High leverage tasks vs. Low leverage tasks
High leverage tasks vs. Low leverage tasks. Shortly after CEO Jeffery Immelt took over the reins at General Electric he estimated that on their best day, GE salespeople spent only 30% of their time in front of the customer. He wants to work that up to 70-80% of their time. My question is what are the salespeople doing if they are not in front of customers? You can travel just about anywhere during the evening hours and on weekends. So what are they doing the rest of the time? Given that GE is one of the most value-producing businesses in history, how much time are the salespeople in other organization spending in front of customers? Directly interacting with the customer is one of the best ways to create value (by selling) and create opportunities (by learning customer needs). The more people doing it and the more often they do it, the more successful the firm will be.
Think about your day. How much time do you spend on productive work versus time consuming, time wasting and ultimately value destroying activities? How many necessary emails did you read? How many useful meetings did you go to this week? How much paperwork is on your desk? One way to put time on your side is to differentiate between high leverage and low leverage tasks. High leverage tasks are the core responsibilities of a given job. They tend to be the ones that are prominently listed in your job description. These also tend to be the activities that are more directly related to value creation. On the other hand, low leverage tasks are the ones that organization members spend the most time with, waste the most time with, and with which they have the most aggravation. These time wasting activities vary based on what your specific job is. For example for a secretary, clearing the meeting room of coffee cups, half eaten donuts and spilled tea, is a low leverage task for him or her, especially if the company has cleaning staff.
Getting his workforce to focus on high leverage activities is a major rallying point for Fred Smith, Founder, Federal Express (FedEx). He recognizes the tremendous power in this concept. How productive and how much value would be created for your firm, if everyone just did high leverage activities? For example, let’s assume that you spent two hours of your eight hours today doing high leverage activities. If you were able to increase it to the full eight hours, how much would you get done? Would you be 4 times more productive? I would venture to say that you would be more like 10 times more productive because you would be working in contiguous blocks, instead of 5 minute snippets. Furthermore, there is a momentum effect to work as well. Once you begin to work, focus, concentrate, you develop momentum. Now imagine what would happen if everyone in your company increased their productivity by 4 times or 10 times. It is almost too scary to think about. But why shouldn’t that be your company?
While the situation where each person is spending all of their time doing high leverage tasks may seem unlikely and perhaps unachievable, that should be your organization’s objective. There are several ways in which the organization can increase the percentage of time spent on high leverage jobs. The three most important are: delegate, redesign and outsource.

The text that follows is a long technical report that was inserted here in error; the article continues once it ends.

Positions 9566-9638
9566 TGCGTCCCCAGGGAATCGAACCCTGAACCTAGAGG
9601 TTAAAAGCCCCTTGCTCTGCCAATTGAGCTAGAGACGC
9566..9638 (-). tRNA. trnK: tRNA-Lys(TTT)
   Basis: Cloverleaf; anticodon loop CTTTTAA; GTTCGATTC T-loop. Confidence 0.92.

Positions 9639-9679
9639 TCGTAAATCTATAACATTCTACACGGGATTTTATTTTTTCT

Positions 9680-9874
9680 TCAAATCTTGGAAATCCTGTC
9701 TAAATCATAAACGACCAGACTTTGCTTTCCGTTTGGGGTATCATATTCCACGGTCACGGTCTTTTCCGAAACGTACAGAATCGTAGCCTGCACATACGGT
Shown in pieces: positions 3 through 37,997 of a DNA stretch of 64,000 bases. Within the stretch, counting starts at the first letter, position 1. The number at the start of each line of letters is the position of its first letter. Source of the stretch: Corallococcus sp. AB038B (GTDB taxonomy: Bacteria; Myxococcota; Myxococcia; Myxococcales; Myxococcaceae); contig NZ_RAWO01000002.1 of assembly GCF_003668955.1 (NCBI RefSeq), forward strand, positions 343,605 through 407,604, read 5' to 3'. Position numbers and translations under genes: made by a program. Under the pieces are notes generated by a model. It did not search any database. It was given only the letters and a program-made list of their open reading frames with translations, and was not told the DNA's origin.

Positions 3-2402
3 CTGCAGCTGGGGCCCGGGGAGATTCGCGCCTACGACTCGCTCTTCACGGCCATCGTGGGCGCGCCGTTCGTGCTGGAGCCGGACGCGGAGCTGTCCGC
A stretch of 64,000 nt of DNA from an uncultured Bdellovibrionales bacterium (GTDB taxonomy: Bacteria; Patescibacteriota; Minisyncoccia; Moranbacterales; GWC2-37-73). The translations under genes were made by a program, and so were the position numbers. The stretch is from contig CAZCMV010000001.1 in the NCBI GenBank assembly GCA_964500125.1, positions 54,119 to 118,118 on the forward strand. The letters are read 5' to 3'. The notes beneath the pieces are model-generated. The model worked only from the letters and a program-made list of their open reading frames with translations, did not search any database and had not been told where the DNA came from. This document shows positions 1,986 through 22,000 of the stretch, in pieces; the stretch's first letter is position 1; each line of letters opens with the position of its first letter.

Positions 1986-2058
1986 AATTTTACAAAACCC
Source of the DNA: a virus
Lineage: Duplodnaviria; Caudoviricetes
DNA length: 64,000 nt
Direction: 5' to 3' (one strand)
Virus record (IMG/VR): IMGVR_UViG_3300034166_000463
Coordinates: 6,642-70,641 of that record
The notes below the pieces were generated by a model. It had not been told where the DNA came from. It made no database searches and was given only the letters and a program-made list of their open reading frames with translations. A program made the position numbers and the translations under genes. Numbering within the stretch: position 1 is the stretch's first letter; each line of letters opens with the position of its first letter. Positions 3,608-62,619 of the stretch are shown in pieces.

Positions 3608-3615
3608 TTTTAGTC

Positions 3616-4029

The first way to increase the high leverage content of a job is by delegating. While this may seem obvious, its practice is less so. Managers, especially in more traditional organizations, should be very familiar with delegation. The manager should simply delegate as much as possible of his or her low leverage activities to someone else. This does not mean the tasks should be delegated to just anyone. In fact, that would be counterproductive. The idea is to delegate your low leverage tasks to someone for which the task would be at best in their high leverage zone or at least very near. For example, if a company has a travel department, a manager or his secretary should not spend time handling the details of his trip to London. The travel staff should.
The second way is to redesign the job. It is possible that the way the job is currently formulated, includes too many low leverage or potentially low leverage activities. Here the answer may be to just extract many of the low leverage activities out of that job. In doing this you have a few options. One would be just to divide and reassign some of these activities to others. However an alternative choice may be even better. The low leverage activities removed, could be consolidated and packaged into a new job or function. In doing this they now become high leverage activities for those new persons. This way the tasks get the full attention of a dedicated person. Also the person could develop expertise and specialization that would allow the tasks to be accomplished in a productive manner.
Finally, some low leverage tasks can be outsourced. The growth of outsourcing is directly related to the desire of businesses to refocus their efforts on the tasks they believe are central to their mission or strategy. In this vein, low leverage tasks can often be bundled and outsourced. The first main advantage to this is that the success organization’s employees can be relieved of some low leverage activities thereby increasing their high leverage work intensity. Secondly, the newly outsourced activities will be handled by a firm whose expertise and focus (i.e., high leverage) are specifically those tasks. As a result productivity is enhanced and value is created.
So you want to start dramatically increasing the productivity of your day or that of your organization, start reducing the amount of time spent on low leverage activities and really start creating value.